How I Learned To Love The Chamber Of Commerce
The U.S. Chamber of Commerce has long supported immigration reforms and Common Core academic standards that are anathema to the Tea Party. The group also favors infrastructure investment that might require — Tea Party gasp of horror here — new federal spending. Now it has added another cause that’s unpopular in the to-the-barricades, all-or-nothing precincts of the Republican Party: constructive governance.
It’s enough to make a center-left establishmentarian root for a group that sinks tens of millions of dollars into defeating Democrats.
In 2010, not quite recognizing the tiger it was riding, the Chamber helped send a Tea Party contingent to Capitol Hill. The four years since then, punctuated by government shutdowns, default threats and challenges to business-oriented Republicans, have been revelatory to the Chamber. Traditionally, its discussions with congressional candidates have focused on their campaigns and their support for policies friendly to free enterprise. There’s now a third topic.
“The new thing we talk about in detail is governing,” Scott Reed — the group’s senior political strategist — told me and journalist Walter Shapiro during our reporting for the Brookings Institution Primaries Project, released this week. “Unlike these other efforts that shut down the day after the election, we’re a 365-day-a-year lobbying organization. The governing part is important to us. If you’re not coming here to govern, what’s the point?”
Compromise, Reed added, is “absolutely” a part of governing. “It’s a good word,” he said. “Not a bad word. Not a swear word.”
The Chamber is now the leading counterweight to the Tea Party movement. It has already spent $30 million this year on primaries, special elections and the general election, and is on track to exceed its 2012 spending. Overall, about two-thirds of business-oriented candidates won their primaries this year, compared with about half of Tea Party and conservative candidates, according to a quantitative analysis by the Primaries Project. The Chamber endorsed many more candidates than it supported financially. But where it spent, it almost always won.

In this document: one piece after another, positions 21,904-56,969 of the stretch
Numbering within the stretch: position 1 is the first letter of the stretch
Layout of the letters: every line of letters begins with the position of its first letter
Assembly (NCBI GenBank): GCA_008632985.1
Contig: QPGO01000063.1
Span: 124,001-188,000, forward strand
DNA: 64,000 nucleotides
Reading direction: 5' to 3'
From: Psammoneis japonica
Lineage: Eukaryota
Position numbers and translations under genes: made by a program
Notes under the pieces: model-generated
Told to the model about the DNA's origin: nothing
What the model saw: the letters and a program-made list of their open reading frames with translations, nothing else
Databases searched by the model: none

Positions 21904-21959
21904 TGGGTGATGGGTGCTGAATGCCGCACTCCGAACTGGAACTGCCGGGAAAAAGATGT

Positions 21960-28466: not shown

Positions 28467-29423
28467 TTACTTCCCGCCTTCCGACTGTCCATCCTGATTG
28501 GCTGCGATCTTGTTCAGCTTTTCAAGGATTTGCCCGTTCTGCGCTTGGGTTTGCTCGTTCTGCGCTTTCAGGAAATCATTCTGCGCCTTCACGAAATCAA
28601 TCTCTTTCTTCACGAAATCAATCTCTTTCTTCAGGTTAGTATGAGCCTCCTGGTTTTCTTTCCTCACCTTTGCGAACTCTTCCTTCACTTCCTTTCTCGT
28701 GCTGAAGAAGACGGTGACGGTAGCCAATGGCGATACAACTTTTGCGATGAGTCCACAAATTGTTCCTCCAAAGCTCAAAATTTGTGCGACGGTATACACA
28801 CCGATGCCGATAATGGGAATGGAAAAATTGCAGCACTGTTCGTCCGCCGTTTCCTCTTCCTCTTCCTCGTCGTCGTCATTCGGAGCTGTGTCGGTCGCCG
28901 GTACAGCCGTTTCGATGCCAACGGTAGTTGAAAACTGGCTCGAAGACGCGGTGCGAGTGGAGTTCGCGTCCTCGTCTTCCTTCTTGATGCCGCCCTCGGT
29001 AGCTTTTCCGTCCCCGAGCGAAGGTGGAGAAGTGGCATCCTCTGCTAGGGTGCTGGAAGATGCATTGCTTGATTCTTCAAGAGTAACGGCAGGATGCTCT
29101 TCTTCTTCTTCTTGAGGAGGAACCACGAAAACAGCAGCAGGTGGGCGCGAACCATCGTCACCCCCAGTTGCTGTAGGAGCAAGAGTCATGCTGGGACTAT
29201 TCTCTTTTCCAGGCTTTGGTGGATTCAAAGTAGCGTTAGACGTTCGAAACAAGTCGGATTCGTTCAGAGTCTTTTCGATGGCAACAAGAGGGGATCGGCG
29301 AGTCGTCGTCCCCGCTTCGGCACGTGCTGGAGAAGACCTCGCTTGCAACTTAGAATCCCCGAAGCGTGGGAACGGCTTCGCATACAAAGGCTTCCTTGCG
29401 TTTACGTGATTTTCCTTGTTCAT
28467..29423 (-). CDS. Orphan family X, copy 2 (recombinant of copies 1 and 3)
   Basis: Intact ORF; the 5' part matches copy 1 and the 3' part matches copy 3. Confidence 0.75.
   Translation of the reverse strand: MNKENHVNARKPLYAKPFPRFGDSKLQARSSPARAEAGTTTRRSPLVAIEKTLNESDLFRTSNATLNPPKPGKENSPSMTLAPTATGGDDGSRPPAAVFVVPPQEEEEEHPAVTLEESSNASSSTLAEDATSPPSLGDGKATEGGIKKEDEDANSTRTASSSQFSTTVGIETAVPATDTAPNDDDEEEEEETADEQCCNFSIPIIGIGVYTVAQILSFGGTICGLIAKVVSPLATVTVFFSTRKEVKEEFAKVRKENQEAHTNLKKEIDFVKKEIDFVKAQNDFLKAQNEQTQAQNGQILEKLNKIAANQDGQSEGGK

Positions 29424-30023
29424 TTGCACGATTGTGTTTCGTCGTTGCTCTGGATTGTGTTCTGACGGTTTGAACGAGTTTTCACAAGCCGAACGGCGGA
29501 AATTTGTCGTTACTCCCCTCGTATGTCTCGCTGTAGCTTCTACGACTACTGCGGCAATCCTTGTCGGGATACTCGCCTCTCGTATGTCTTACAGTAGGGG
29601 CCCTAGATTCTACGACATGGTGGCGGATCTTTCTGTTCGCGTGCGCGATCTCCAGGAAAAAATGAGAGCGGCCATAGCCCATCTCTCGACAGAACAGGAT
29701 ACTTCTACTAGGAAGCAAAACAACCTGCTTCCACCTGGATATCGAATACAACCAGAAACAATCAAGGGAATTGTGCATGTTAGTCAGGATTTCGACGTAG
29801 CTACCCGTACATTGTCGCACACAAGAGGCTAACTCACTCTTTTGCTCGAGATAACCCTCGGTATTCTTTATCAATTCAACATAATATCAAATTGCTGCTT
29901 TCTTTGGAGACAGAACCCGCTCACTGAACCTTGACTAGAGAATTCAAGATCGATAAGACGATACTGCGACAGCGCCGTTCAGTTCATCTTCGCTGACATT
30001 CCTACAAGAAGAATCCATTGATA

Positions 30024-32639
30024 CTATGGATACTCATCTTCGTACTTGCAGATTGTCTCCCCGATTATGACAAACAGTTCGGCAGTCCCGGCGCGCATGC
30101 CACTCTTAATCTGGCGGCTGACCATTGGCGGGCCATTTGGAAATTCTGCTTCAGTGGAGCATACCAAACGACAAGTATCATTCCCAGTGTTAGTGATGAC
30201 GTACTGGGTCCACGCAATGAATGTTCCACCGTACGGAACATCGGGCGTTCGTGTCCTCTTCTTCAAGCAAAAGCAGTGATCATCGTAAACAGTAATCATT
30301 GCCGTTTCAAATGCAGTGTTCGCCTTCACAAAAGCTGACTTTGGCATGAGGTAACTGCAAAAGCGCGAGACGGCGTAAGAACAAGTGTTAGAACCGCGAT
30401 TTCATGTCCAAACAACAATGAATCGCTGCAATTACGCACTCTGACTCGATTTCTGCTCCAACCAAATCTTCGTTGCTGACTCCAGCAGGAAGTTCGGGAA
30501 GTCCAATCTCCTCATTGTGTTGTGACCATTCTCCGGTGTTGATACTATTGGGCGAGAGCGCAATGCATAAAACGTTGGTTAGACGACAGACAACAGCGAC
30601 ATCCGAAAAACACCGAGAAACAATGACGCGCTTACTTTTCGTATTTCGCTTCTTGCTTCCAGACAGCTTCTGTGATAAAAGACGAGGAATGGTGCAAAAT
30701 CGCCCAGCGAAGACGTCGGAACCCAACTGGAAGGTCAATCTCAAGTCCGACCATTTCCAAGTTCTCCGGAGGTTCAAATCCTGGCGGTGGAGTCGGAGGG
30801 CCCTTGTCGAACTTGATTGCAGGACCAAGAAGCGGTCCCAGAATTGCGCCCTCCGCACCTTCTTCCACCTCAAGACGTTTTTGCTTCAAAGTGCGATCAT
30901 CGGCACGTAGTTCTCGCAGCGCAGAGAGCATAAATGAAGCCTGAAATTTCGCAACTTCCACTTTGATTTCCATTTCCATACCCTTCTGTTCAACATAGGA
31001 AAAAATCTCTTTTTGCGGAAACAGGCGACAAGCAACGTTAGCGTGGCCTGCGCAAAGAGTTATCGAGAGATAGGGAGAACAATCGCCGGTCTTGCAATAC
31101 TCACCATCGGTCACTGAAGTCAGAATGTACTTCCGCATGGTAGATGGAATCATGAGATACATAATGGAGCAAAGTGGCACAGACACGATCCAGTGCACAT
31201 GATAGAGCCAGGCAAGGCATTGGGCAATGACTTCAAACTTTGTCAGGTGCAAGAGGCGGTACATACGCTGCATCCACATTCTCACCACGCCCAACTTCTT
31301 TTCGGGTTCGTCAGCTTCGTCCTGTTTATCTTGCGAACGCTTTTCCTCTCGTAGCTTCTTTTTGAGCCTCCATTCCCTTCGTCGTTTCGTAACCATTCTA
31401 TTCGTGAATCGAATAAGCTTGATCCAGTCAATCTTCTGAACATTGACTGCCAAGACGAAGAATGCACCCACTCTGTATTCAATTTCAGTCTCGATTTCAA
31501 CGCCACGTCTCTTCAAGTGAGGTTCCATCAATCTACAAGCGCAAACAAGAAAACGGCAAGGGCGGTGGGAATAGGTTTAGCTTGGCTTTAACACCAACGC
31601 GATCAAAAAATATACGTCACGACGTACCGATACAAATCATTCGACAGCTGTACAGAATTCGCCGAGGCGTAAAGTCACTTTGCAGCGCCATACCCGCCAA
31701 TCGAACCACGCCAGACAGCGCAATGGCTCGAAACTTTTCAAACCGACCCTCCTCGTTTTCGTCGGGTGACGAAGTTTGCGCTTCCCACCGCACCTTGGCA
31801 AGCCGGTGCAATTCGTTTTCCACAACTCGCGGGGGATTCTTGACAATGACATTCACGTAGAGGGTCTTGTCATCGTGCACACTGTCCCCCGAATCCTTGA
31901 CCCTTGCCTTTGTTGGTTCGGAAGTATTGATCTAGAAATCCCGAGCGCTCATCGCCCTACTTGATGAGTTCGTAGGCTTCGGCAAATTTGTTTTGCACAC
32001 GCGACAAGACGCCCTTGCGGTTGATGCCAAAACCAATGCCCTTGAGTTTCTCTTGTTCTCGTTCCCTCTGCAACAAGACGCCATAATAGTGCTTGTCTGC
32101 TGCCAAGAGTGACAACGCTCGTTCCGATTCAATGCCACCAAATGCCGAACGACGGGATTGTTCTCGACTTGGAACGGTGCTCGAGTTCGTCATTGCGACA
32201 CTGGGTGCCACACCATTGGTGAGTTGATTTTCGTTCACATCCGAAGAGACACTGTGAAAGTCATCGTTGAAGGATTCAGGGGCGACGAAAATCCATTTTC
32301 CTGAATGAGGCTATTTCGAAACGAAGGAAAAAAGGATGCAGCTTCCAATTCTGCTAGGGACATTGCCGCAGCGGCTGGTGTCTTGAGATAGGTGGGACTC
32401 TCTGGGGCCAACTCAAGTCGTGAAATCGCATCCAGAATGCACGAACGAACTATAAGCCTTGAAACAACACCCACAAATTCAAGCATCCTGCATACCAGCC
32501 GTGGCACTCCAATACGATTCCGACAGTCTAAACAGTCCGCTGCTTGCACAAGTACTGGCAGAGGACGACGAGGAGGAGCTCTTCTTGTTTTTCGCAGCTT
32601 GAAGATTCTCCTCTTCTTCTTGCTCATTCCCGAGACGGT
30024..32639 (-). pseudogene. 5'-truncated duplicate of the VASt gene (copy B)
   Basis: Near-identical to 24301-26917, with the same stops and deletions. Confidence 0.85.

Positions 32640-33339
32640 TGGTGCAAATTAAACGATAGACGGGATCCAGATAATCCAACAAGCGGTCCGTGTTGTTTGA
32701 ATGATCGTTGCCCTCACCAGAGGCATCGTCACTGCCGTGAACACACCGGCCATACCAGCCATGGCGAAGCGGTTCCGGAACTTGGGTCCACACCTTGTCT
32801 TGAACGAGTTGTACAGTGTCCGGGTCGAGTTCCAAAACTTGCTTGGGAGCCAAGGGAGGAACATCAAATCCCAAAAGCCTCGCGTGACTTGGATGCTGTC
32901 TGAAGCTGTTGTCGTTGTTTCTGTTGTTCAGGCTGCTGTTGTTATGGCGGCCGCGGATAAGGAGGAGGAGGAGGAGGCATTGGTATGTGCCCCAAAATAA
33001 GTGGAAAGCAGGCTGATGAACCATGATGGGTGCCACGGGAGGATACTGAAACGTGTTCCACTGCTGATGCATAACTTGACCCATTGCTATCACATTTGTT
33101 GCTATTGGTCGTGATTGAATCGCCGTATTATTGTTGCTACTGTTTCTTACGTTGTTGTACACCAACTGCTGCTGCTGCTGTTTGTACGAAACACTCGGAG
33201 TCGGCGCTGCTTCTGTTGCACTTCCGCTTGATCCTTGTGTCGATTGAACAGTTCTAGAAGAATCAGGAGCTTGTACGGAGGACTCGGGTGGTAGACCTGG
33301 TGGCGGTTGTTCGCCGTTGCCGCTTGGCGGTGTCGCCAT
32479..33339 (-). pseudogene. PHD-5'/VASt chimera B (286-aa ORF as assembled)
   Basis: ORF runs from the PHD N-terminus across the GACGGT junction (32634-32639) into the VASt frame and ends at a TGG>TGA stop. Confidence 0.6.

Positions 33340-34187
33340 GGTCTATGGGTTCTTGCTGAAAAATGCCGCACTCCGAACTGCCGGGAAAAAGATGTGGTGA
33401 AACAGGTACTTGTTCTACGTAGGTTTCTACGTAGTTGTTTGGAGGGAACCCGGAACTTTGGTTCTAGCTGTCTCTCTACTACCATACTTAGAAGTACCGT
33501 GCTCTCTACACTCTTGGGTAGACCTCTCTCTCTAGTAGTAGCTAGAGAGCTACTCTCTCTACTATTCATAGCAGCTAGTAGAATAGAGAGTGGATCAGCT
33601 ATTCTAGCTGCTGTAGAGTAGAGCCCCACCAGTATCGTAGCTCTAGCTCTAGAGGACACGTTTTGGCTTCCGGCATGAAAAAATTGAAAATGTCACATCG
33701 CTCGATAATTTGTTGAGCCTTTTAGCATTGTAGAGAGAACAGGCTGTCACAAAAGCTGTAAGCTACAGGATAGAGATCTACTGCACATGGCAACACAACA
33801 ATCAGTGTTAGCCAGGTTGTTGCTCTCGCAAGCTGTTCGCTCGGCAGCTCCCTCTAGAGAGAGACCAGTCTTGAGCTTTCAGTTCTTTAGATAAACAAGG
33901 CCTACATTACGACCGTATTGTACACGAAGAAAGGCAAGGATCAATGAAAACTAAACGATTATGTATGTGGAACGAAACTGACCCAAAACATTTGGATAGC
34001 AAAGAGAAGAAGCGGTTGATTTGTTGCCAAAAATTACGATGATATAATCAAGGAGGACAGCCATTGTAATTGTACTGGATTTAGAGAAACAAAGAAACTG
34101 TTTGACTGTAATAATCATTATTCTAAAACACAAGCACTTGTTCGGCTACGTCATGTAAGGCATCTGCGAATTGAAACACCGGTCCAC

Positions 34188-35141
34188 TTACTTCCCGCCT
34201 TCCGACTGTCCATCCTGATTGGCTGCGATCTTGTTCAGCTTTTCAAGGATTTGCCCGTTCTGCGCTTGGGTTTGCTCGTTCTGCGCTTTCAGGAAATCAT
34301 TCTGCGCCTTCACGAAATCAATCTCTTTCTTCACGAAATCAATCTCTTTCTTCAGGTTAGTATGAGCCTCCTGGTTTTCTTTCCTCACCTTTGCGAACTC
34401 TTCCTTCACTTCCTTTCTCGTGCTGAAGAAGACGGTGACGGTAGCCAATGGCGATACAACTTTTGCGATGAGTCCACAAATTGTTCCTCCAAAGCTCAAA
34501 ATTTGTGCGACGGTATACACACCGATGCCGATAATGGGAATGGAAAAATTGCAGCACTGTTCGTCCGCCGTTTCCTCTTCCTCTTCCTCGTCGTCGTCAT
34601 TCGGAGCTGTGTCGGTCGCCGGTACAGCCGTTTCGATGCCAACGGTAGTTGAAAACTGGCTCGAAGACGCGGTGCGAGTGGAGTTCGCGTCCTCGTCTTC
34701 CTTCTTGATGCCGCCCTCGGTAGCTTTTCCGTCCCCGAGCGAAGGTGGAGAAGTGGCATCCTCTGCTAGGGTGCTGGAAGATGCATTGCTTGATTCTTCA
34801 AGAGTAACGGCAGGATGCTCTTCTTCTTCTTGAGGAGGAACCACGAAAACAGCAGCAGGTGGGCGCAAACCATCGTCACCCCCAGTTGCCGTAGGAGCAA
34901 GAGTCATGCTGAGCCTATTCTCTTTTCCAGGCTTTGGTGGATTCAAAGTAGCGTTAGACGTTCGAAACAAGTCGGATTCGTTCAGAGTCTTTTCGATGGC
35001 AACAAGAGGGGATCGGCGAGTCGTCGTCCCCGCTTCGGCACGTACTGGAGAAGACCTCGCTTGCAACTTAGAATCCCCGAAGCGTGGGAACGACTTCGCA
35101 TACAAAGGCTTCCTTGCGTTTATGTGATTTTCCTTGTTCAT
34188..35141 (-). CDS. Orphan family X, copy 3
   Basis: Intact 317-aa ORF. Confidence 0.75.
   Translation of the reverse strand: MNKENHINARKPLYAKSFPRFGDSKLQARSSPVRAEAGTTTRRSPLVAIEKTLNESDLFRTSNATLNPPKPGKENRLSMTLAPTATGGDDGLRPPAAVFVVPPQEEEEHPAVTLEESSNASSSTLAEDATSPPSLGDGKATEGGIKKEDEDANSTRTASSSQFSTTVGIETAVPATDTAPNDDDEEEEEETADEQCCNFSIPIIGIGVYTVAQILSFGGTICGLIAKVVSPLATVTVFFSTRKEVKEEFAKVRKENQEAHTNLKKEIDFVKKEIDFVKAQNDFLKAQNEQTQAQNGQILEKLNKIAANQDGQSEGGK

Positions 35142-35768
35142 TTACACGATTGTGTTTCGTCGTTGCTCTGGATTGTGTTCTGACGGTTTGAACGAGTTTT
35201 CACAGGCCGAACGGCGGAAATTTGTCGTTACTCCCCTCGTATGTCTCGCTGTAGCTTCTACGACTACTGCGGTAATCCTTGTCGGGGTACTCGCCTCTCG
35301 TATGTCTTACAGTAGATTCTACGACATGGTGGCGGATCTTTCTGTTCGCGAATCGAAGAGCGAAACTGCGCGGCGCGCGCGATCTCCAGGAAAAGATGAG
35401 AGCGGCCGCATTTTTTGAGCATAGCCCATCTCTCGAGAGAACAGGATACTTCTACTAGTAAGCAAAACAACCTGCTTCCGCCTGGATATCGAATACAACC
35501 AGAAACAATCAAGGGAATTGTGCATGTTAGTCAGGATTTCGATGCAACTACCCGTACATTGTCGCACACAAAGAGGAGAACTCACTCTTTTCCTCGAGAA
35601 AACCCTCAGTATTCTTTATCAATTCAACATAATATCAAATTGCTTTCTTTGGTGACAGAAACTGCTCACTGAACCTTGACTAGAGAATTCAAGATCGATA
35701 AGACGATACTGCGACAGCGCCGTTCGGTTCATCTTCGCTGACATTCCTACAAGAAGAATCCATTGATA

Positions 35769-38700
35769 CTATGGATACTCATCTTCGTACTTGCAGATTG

Since 2012, the Chamber has increased spending on independent expenditures more than any other outside group, liberal or conservative, according to a Campaign Finance Institute report that is part of the Primaries Project. In contrast, three groups associated with Tea Party candidates top the list of those that have reduced their spending.
It would be premature to suggest that the political tides are shifting, or, as President Obama once said hopefully, the fever is breaking. Compromise has been maddeningly, tragically elusive since Obama took office greeted by GOP vows to prevent a second term for him. Yet the Chamber’s new focus and electoral successes are hopeful signs for those of us who would like to see a more functional capital.
The rightward pull and confrontational tactics of the Tea Party have been particularly galling to the GOP’s business allies. The Affordable Care Act is a prime example of Tea Party pressure at work. Republicans held dozens of futile repeal votes on Capitol Hill, and iron resolve to kill it was the price of admission to GOP primaries this year.
Yet this law is based on the conservative principles of private-sector competition and personal responsibility. In an alternative universe of mend-don’t-end, Republicans might have proposed improvements such as canceling the ACA requirement that larger businesses offer health insurance. And they might have won. Even the center-left Urban Institute has concluded that “the ACA can achieve all its major objectives without the employer mandate” and asks, why not just eliminate it?
More openness to compromise in the House likely would have produced a major new immigration law, given that the Senate passed a bipartisan reform bill supported by the White House. It would have also avoided the terrible-for-business government shutdowns and default threats precipitated by Tea Party absolutism on spending, the ACA and the federal debt.
The infrastructure omission is perhaps the most tragic wasted opportunity. Over a period when long-term unemployment was a serious problem, when interest rates were historically low and when so much infrastructure building and repair was needed, nothing significant happened. This despite repeated proposals from the White House and lawmakers of both parties, and outside support across the spectrum from the chamber to the AFL-CIO.
Future generations may find the infrastructure failure the most difficult to understand or forgive. We could have created jobs or at least incentives to help break the ruinous cycle of people not being able to get work because they’ve been out of work too long. But we didn’t, and doing it later won’t help those for whom it’s already too late economically or psychologically.
The Chamber will never be even slightly liberal. Its endorsement of former Sen. Scott Brown in the New Hampshire Senate race was the most recent reminder of where its political loyalties lie. But when it comes to immigration, education, infrastructure and — above all — its intent to revive the lost art of governing, this group has my vote.
Follow Jill Lawrence on Twitter @JillDLawrence. To find out more about Jill Lawrence and read features by other Creators Syndicate writers and cartoonists, visit the Creators Syndicate website at www.creators.com.
Photo: APK like a lollipop via Wikimedia Commons
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